In the near future, your favorite ring or necklace might be formed from someone’s discarded mobile phone or gaming console. 

In 2020, Pandora—one of the world’s largest jewelry manufacturers—announced that by 2025 all of its jewelry would be created from recycled gold and silver sourced, in part, from electronic waste. A growing number of small and large jewelers are turning to more sustainable alternatives to traditional mining practices, including using e waste as a source for precious metals. We’ll explore the impact this newer IT asset recycling trend could have for the environment and jewelry industry, and how electronic recycling companies are responding.  

Shifting Perspectives on Mining Sources

Traditional methods for mining precious metals used in the most common jewelry pieces have recently come under scrutiny, both for environmental and social reasons. Gold mining, for example, is considered one of the most destructive industries in the world. The process of gold mining pollutes natural resources with toxic chemicals like mercury and cyanide, can endanger the health of both workers and those who live in surrounding communities, and causes an extraordinary amount of excess waste. Experts estimate that the effort of mining gold for one wedding ring alone generates as much as 20 tons of waste

In addition to environmental and health concerns, traditional mining has a multitude of potential social and political ramifications. Mining has been linked to human rights violations such as displaced communities, unsafe working conditions, and unethical practices. Considering these factors, many concerned groups have made efforts to educate consumers about the negative impact of irresponsible mining operations, advocate for drastic changes within the mining industry, and promote sustainable alternatives to mining.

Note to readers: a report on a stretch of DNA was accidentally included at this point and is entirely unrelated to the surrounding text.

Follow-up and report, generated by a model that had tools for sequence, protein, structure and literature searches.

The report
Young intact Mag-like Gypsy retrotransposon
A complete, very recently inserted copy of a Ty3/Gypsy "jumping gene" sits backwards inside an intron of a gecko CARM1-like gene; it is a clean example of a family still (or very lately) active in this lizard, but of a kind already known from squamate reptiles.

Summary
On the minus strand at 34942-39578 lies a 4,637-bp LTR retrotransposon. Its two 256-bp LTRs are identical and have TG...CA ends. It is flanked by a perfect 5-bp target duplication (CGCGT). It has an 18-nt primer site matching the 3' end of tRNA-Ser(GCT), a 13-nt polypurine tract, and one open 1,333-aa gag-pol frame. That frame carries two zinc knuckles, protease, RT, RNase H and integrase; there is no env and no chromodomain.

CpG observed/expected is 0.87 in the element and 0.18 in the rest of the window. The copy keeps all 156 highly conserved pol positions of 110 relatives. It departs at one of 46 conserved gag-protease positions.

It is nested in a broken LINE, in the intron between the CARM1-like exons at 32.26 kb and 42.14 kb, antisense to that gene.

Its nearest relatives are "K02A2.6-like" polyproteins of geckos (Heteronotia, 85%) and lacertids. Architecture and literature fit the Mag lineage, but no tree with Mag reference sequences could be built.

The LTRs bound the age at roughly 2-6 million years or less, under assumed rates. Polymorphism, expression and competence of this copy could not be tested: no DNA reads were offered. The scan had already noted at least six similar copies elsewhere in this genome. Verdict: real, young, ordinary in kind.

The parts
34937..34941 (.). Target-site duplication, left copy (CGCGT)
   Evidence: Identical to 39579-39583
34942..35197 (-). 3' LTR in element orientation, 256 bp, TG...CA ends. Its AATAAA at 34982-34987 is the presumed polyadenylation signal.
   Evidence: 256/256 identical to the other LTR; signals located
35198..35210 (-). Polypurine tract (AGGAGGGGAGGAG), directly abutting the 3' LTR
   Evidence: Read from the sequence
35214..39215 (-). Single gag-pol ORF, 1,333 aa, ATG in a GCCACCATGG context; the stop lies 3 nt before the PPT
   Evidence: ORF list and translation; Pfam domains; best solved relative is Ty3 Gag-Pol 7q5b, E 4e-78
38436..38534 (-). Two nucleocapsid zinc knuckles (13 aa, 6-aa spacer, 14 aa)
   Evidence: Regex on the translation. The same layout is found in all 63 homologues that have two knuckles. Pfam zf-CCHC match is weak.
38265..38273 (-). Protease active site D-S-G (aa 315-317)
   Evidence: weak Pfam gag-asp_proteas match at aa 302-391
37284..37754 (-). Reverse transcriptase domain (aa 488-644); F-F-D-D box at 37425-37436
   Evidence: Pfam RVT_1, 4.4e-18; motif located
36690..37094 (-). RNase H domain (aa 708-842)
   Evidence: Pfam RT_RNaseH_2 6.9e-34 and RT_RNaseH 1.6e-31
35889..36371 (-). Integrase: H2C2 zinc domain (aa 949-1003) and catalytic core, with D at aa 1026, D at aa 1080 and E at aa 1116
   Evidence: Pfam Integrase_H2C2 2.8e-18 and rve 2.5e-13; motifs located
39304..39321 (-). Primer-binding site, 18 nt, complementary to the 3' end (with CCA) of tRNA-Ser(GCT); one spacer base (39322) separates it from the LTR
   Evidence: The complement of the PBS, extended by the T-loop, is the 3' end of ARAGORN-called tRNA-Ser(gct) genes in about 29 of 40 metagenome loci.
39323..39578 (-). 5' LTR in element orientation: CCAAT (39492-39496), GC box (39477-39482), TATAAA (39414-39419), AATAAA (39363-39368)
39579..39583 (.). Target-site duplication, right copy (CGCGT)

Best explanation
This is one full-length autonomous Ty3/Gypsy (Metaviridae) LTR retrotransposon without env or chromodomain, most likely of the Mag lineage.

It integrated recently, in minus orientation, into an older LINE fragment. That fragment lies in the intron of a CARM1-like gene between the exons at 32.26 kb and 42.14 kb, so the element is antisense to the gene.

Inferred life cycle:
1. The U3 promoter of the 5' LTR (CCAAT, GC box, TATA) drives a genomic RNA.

In Pandora’s case, the shift to sustainably recycled materials was called for to save environmental resources and reduce its dependency on “hazardous” mining. The company reported this manufacturing change would reduce CO2 emissions as much as 37,000 tCO2e a year—the equivalent of annual electricity use in 6,000 homes or driving 145 million kilometers in a car.

How IT Asset Recycling Can Turn ‘Junk’ to Jewelry

In addition to signing pledges against “dirty gold,” many jewelry companies (such as Brilliant Earth) are marketing their commitment to use recycled precious metals. By recycling and refining metals into their pure elements, this move toward sustainable sourcing helps solve current issues with supply chain disruptions and reduces the demand for newly mined metals. Compared to traditional mining methods, recycling electronic waste (sometimes called “urban mining”) costs significantly less, is less damaging to the environment, and reuses precious materials that might otherwise remain in a landfill. 

Recycling IT assets and electronic devices such as phones or laptops can recover a surprising amount of gold, silver, copper, platinum, palladium, lithium and cobalt. One metric ton of circuit boards can contain 40 to 800 times the amount of gold and 30 to 40 times the amount of copper mined from one metric ton of ore in the U.S. For every million cell phones that are recycled, 35,000 pounds of copper, 772 pounds of gold, and 33 pounds of palladium could be recovered. Despite this e waste “gold mine,” it’s estimated only 10 to 15 percent of all gold stored in e waste is recovered by recycling. 

Because so many electronic devices use precious metals in their materials, jewelers are now looking toward urban mining and e mining as sources for recycled metals in jewelry. While at this point it can still take over 17 phones to create one wedding ring, electronic recycling companies continue to improve processes, technology and efficiencies to better refine e waste for purposes such as jewelry making. 

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